Luke Scott

Tracking the non-tenders: Joe Saunders, Luke Scott, Hong-Chih Kuo

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Here’s the official list of players non-tendered prior to the Monday midnight deadline:

American League

Baltimore: OF/DH Luke Scott, LHP Jo-Jo Reyes, RHP Willie Eyre

Scott went from hitting .284/.368/.535 during an excellent 2010 season to .220/.301/.402 in 209 at-bats during a 2011 season shortened by shoulder surgery. The Orioles could re-sign him for significantly less than the $6 million he was due in arbitration. If not, he’ll enter the crowded free agent market as a lesser version of Jason Kubel.

Boston: LHP Rich Hill

Hill figures to miss at least the first month or two after Tommy John surgery, but since he did show promise as a sidewinding reliever last season, the Red Sox debated tendering him. They’ll make an attempt to re-sign him to a minor league contract.

Chicago: none

Cleveland: none

The Indians said they’ll tender everyone. Their only borderline arbitration-eligible player is third baseman Jack Hannahan, and he shouldn’t come in at much more than $1 million. Asdrubal Cabrera, Justin Masterson and Shin-Soo Choo are due for bigger raises, though Choo’s rough year will cost him.

Detroit: 2B Will Rhymes

Rhymes quickly fell out of favor after opening last season as Detroit’s primary second baseman. He has a nice career line of .283/.341/.370 in 276 major league at-bats, but if anyone had much interest in him, he would have been traded. He’s making the minimum, so that wasn’t an issue.

Kansas City: LHP Aaron Laffey

The Royals claimed Laffey off waivers from the Yankees in October, so it seems they want him around. Still, they weren’t interested in risking arbitration. A sinkerballing lefty, Laffey has a 4.34 ERA in 373 2/3 career innings. He may get a guaranteed deal from some team, but it will be for less than $1 million.

Los Angeles: none

The Angels said they’re tendering all of their arbitration-eligible players, a list that includes Kendrys Morales.

Minnesota: LHP Jose Mijares

Mijares should be a hot name with so little left-handed relief available this winter. He was terrible last season, with a 30/30 K/BB ratio and a 4.59 ERA in 49 innings, but he had an 83/32 K/BB ratio and a 2.67 ERA in 94 1/3 innings between 2009-10. Although he has a reputation as a bit of a head case, he’ll get guaranteed money.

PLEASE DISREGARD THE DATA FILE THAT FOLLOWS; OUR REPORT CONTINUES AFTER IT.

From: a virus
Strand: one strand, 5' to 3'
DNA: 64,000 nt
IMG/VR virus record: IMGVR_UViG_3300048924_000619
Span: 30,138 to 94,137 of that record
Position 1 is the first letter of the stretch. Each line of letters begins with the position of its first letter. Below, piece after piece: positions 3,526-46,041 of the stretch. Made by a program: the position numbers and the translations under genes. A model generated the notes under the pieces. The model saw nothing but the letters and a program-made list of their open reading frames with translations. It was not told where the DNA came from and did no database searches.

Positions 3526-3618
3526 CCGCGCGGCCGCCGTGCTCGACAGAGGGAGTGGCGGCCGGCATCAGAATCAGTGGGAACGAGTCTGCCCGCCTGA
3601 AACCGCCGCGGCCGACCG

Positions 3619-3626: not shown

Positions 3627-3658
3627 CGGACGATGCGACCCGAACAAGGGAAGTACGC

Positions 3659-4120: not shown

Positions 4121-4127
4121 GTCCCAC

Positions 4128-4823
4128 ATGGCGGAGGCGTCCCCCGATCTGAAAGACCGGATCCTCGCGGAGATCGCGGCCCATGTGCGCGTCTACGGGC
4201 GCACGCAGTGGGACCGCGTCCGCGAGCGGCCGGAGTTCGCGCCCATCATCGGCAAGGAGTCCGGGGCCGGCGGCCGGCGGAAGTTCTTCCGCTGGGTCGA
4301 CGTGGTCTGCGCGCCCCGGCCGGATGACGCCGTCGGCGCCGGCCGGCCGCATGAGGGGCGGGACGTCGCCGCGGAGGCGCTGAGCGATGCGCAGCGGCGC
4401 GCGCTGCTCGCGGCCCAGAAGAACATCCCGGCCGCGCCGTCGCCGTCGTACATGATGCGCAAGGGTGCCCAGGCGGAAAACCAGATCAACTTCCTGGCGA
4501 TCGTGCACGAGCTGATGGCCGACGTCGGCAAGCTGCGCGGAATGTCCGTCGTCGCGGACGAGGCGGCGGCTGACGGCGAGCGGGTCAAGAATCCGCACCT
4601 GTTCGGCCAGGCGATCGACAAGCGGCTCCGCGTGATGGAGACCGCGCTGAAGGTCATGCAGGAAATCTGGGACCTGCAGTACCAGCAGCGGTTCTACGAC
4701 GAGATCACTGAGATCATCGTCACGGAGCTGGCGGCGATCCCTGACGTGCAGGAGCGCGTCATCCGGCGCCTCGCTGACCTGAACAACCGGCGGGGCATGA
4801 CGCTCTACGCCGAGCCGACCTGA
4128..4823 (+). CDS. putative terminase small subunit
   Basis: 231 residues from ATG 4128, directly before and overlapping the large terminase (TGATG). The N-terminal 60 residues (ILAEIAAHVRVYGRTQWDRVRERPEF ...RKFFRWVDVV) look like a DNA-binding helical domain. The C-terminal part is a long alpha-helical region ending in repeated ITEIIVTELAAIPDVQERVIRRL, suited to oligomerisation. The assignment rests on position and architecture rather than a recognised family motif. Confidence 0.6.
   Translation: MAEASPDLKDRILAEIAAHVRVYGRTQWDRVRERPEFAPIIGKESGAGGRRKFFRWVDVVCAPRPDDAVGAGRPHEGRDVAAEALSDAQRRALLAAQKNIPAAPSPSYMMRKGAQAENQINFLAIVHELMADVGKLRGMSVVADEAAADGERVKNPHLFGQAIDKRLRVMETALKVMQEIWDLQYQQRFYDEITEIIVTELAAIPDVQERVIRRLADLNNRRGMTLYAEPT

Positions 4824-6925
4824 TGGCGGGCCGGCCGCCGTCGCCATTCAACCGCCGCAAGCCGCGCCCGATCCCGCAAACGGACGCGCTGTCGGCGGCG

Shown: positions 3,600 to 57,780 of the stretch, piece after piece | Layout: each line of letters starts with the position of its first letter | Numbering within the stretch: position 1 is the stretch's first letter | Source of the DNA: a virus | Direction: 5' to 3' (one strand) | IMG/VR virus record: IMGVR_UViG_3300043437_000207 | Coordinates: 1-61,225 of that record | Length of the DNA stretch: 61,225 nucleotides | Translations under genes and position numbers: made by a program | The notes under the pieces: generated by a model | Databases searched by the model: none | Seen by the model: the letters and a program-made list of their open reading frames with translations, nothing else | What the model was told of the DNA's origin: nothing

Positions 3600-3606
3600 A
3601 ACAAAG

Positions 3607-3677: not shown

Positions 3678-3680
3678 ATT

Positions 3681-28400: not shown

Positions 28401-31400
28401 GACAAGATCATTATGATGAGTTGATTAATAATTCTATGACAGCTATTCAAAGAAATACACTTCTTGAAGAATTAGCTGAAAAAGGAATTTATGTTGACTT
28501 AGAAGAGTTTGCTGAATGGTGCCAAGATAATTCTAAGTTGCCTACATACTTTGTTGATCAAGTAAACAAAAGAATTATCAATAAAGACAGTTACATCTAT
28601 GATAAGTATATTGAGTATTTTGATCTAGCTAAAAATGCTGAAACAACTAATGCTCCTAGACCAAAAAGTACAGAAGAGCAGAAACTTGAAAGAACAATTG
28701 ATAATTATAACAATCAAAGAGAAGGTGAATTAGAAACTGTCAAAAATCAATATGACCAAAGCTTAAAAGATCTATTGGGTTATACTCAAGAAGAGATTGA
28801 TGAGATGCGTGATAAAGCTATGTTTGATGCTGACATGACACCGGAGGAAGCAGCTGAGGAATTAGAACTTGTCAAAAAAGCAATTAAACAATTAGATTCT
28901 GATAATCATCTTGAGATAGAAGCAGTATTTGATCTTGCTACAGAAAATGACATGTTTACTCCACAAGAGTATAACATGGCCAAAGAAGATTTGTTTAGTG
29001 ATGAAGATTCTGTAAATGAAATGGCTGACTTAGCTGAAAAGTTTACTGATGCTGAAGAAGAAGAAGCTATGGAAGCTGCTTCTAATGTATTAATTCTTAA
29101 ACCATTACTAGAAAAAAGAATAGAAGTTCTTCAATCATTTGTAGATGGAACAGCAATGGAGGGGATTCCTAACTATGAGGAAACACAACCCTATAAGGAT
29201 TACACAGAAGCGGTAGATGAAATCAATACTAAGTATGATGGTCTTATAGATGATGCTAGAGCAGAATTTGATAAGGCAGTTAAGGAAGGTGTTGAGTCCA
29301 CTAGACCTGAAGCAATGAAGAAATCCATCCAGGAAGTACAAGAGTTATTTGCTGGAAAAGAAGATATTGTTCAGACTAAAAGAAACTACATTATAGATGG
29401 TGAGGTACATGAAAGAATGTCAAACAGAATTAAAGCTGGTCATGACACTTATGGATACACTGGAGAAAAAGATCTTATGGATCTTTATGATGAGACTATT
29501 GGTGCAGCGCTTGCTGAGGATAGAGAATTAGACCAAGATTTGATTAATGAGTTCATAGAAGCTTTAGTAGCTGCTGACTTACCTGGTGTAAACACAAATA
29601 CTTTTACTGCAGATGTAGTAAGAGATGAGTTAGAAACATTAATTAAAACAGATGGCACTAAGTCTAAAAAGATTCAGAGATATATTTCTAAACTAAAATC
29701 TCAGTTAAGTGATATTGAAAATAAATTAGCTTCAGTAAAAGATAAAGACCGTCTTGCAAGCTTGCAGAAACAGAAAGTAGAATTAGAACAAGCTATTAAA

New York: none

Yankees GM Brian Cashman confirmed that he would have no non-tenders tonight.

Oakland: none

Daric Barton, Landon Powell and Adam Rosales all agreed to one-year deals today, and the A’s announced that they’re tendering everyone. Powell and Rosales risked being non-tendered if they didn’t sign today.

Seattle: RHP Dan Cortes, C Chris Gimenez

Cortes’ inclusion is explained by the fact that he underwent a previously unrevealed shoulder surgery in October, leaving his status for the beginning of 2012 in doubt. The hard-throwing-but-wild right-hander could be re-signed to a minor league deal.

Tampa Bay: RHP Andy Sonnanstine

Sonnanstine was expendable regardless, but the trade for Burke Badenhop on Monday made it even more obvious he had no place in the Rays’ plans going forward. He might have a chance of surviving as a swingman in the NL.

Texas: RHP Fabio Castillo

Good arm, bad year in Double-A. The Rangers will probably re-sign him to a minor league deal.

Toronto: none

Jeff Mathis took a paycut and thus avoided being non-tendered. Dustin McGowan is another one who might have been non-tendered had he not agreed to a one-year deal on Monday.

National League

Arizona: LHP Joe Saunders, RHP Micah Owings

Confirmed now. FOXSports.com’s Ken Rosenthal reported that Saunders would be a non-tender after failing to come to terms with the Diamondbacks on either a one- or two-year contract. He might be able to get a two-year deal from another team, possibly for $7 million-$8 million per year.

Atlanta: RHP Peter Moylan, INF Brooks Conrad

Moylan will miss at least the first month or two after rotator cuff surgery. The Braves will probably re-sign the veteran setup man to a lesser deal.

Chicago: C Koyie Hill

Here’s a move that’s long overdue. Hill is pretty atrocious offensively and isn’t really exceptional on defense either. Welington Castillo should prove to be an immediate upgrade behind Geovany Soto for the Cubs.

Cincinnati: none